House N-DP by Graux & Baeyens Architecten

This asymmetrical concrete residence designed in 2019 by Graux & Baeyens Architecten is located along the Leuvense Vaart in Mechelen, Belgium.

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This house along the Leuvense Vaart in Mechelen never ceases to fascinate. A seemingly random play of asymmetrical concrete canopies opens and closes the façade, creating a pleasing impression of introverted openness.

A house with a consistent story

The dynamics created by the angled concrete canopies and the sophisticated positioning of the triangular storeys was an aesthetic necessity, designed in response to the environment in which the house was built. In this case, a narrow, deep plot with close proximity to neighbours, but also with an expansive view of the canal and the fields behind it. The concept of the house is the result of a creative process that takes all these parameters into account in a single, consistent story.

Intriguing contrasts

Each storey is set back in relation to the previous one and has been superimposed at a slightly shifted angle, with the intention of creating privacy and a sense of security for the residents. This fan-like movement inward also creates a playful effect that counters the monolithic appearance of the nine-metre-high building. At the same time, the fan shape is intended to cast as little shadow as possible on the neighbours. The breaches in the concrete walls in turn create exciting openings to the garden and the water. While the concrete construction is no less imposing than the ships that slowly pass by on the canal, the openings give the whole a human scale.

Warm welcome

The concrete from which the house is built also forms the supporting structure. This made it possible for the opening movement of the facades to be continued in the interior.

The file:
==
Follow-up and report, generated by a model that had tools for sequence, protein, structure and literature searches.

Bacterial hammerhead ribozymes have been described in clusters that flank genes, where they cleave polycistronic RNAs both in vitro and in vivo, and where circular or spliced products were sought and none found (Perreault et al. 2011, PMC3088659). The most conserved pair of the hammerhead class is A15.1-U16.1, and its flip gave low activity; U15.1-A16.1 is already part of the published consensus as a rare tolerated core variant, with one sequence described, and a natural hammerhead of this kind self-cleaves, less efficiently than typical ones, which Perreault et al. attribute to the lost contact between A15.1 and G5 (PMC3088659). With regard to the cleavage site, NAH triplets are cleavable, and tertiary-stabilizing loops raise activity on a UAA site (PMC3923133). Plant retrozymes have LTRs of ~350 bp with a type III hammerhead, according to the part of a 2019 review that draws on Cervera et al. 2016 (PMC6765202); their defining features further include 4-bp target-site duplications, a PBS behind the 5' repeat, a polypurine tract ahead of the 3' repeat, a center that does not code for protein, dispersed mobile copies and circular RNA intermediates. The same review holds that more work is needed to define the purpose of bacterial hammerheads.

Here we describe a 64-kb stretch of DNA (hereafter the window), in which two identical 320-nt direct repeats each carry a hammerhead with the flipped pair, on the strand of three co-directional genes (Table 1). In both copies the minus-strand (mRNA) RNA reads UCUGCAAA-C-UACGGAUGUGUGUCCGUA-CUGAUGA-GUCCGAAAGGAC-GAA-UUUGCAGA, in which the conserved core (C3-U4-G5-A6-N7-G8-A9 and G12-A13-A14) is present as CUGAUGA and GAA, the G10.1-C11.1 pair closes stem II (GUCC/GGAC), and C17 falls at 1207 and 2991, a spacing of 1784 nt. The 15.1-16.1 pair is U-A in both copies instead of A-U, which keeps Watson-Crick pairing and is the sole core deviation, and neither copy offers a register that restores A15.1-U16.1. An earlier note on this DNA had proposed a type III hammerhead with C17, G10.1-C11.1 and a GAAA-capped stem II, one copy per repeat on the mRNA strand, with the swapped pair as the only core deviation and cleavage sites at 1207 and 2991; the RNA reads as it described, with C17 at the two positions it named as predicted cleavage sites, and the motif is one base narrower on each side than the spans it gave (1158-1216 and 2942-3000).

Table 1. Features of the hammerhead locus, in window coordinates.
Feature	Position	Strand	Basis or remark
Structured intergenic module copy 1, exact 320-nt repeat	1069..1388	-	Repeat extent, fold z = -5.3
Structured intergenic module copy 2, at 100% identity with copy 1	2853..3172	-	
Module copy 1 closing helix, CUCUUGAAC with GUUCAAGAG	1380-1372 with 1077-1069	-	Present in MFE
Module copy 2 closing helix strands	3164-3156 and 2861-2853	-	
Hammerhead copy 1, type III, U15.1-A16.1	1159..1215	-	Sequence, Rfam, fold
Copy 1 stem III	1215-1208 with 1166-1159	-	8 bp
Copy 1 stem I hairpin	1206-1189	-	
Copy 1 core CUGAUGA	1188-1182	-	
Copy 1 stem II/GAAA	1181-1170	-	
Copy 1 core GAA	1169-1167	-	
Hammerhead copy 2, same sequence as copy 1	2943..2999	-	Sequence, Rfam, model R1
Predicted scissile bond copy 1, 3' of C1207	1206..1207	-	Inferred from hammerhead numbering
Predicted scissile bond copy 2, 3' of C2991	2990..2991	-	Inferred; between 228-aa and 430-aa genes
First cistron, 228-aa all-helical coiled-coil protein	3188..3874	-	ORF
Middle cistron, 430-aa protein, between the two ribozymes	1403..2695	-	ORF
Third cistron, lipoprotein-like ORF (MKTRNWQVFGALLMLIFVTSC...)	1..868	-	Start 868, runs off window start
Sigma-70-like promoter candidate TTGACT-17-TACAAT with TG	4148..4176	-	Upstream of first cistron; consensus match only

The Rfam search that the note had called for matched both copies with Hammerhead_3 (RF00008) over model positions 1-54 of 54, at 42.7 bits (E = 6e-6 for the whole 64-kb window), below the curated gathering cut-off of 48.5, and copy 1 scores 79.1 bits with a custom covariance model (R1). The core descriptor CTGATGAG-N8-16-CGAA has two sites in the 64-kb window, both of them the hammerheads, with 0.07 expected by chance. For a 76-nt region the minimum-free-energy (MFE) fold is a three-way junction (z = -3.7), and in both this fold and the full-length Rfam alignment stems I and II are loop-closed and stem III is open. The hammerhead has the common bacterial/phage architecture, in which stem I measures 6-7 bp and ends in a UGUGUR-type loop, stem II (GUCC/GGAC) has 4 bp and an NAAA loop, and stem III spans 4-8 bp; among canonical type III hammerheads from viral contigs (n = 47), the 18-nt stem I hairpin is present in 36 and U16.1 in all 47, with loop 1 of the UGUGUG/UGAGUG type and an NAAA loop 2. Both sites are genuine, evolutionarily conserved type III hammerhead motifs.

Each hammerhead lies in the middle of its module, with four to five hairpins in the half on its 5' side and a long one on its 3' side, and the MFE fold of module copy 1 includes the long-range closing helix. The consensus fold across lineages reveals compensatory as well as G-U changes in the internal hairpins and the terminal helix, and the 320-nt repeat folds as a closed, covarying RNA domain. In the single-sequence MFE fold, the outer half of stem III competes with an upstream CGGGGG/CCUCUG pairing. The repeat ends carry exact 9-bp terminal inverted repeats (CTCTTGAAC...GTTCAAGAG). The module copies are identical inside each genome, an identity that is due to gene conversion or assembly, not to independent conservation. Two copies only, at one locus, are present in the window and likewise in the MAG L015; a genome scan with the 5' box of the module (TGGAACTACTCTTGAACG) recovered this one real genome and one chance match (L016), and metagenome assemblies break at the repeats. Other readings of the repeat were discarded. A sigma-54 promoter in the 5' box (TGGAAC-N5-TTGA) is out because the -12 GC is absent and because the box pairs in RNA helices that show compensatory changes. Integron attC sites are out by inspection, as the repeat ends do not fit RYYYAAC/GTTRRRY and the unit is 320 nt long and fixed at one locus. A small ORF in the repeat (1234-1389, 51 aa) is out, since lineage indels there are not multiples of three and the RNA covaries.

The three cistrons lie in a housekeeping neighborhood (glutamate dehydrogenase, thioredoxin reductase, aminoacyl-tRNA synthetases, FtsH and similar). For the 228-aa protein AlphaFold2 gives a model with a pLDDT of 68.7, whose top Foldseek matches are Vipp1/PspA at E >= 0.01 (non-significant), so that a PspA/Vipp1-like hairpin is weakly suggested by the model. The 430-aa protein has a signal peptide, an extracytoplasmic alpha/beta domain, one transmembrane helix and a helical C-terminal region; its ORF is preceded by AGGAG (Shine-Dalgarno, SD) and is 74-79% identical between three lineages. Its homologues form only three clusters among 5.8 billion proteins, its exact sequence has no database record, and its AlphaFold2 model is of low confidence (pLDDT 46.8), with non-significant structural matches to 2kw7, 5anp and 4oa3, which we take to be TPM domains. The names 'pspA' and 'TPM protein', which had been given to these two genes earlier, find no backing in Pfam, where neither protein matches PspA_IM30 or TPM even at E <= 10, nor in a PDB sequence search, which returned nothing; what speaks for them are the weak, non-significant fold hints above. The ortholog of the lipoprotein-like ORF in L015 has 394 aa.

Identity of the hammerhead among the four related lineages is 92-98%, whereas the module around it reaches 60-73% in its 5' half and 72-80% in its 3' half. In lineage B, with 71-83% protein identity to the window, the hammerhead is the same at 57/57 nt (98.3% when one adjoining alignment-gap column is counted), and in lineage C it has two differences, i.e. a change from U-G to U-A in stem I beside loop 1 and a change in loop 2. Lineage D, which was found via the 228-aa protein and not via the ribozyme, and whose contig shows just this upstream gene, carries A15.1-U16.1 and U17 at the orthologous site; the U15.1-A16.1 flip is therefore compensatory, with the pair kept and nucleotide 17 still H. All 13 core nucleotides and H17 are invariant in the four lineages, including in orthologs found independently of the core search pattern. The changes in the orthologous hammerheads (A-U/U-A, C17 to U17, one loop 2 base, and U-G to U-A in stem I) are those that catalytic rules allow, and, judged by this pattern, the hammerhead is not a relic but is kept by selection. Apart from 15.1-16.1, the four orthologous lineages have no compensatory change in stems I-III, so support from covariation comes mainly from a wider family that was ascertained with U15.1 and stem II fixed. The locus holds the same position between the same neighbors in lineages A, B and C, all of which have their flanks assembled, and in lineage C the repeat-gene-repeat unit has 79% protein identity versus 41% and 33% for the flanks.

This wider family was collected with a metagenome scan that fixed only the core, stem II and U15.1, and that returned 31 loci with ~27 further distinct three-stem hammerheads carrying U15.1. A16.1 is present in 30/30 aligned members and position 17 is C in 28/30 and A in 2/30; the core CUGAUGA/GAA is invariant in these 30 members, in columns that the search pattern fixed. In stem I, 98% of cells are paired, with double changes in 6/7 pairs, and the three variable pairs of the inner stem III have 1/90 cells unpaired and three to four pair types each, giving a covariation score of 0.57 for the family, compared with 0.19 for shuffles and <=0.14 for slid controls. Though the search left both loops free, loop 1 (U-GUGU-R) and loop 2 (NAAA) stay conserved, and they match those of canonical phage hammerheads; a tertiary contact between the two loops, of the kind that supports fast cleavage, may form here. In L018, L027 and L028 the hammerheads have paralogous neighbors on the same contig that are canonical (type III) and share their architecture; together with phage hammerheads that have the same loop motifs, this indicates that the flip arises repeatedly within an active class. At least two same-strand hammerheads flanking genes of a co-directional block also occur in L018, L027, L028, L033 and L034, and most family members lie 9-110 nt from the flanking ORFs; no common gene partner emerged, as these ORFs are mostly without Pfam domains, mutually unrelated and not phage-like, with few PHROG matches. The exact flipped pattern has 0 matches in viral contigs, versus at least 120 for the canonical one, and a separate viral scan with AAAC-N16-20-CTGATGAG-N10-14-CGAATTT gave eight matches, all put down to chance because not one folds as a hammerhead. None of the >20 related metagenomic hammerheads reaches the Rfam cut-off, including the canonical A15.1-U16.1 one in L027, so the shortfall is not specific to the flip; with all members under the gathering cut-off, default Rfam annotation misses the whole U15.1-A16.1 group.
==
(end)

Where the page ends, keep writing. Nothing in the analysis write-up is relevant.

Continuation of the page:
The lowest concrete wedge serves as a carport and hides the entrance of the house from the view of passers-by. However, anyone who rings the bell will instantly feel welcome thanks to the large, pivoting door and the inviting concrete entrance step. The stairs, together with a cloakroom and laundry room, are located in the concrete core of the house and lead to the living areas that nestle around the central part on the first floor in a single, flowing movement. The kitchen is bathed in the morning sun, while the living room with adjoining terrace catches the last rays of the sun. The bedrooms in the top storey are primarily functional and all open onto a beautiful terrace.

Sheltered and open at the same time

The furniture in the house was custom designed, including the storage units and fireplace wall. The special symbiosis between secure enclosure and openness also comes into its own in the interior. A feeling that is enhanced by a balanced use of understated materials, alternating the warm texture of clay plaster on walls and ceilings with the raw concrete and wooden finishing that are also used in the external facades.

The tranquil material palette of the house has been carried over into the smallest details. For the balustrades, we deliberately did not work with modern glass, but with galvanized steel. This aligns the enclosure and the breaches in the facade with the human scale of the residents, in an otherwise imposing building. The steel of the balustrades is reflected in the external staircase and gate, which were specially designed for this house. A nice detail is that in this gate, just like in the facade of the house, recesses have been applied that make the wheels of the gate visible and give it a surprising touch.


The concept for this house evolved during the creative process into a story that in a single gesture meets all parameters of the residents and the environment, so that it fits seamlessly into its context.

Photography by Filip Dujardin

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- by Matt Watts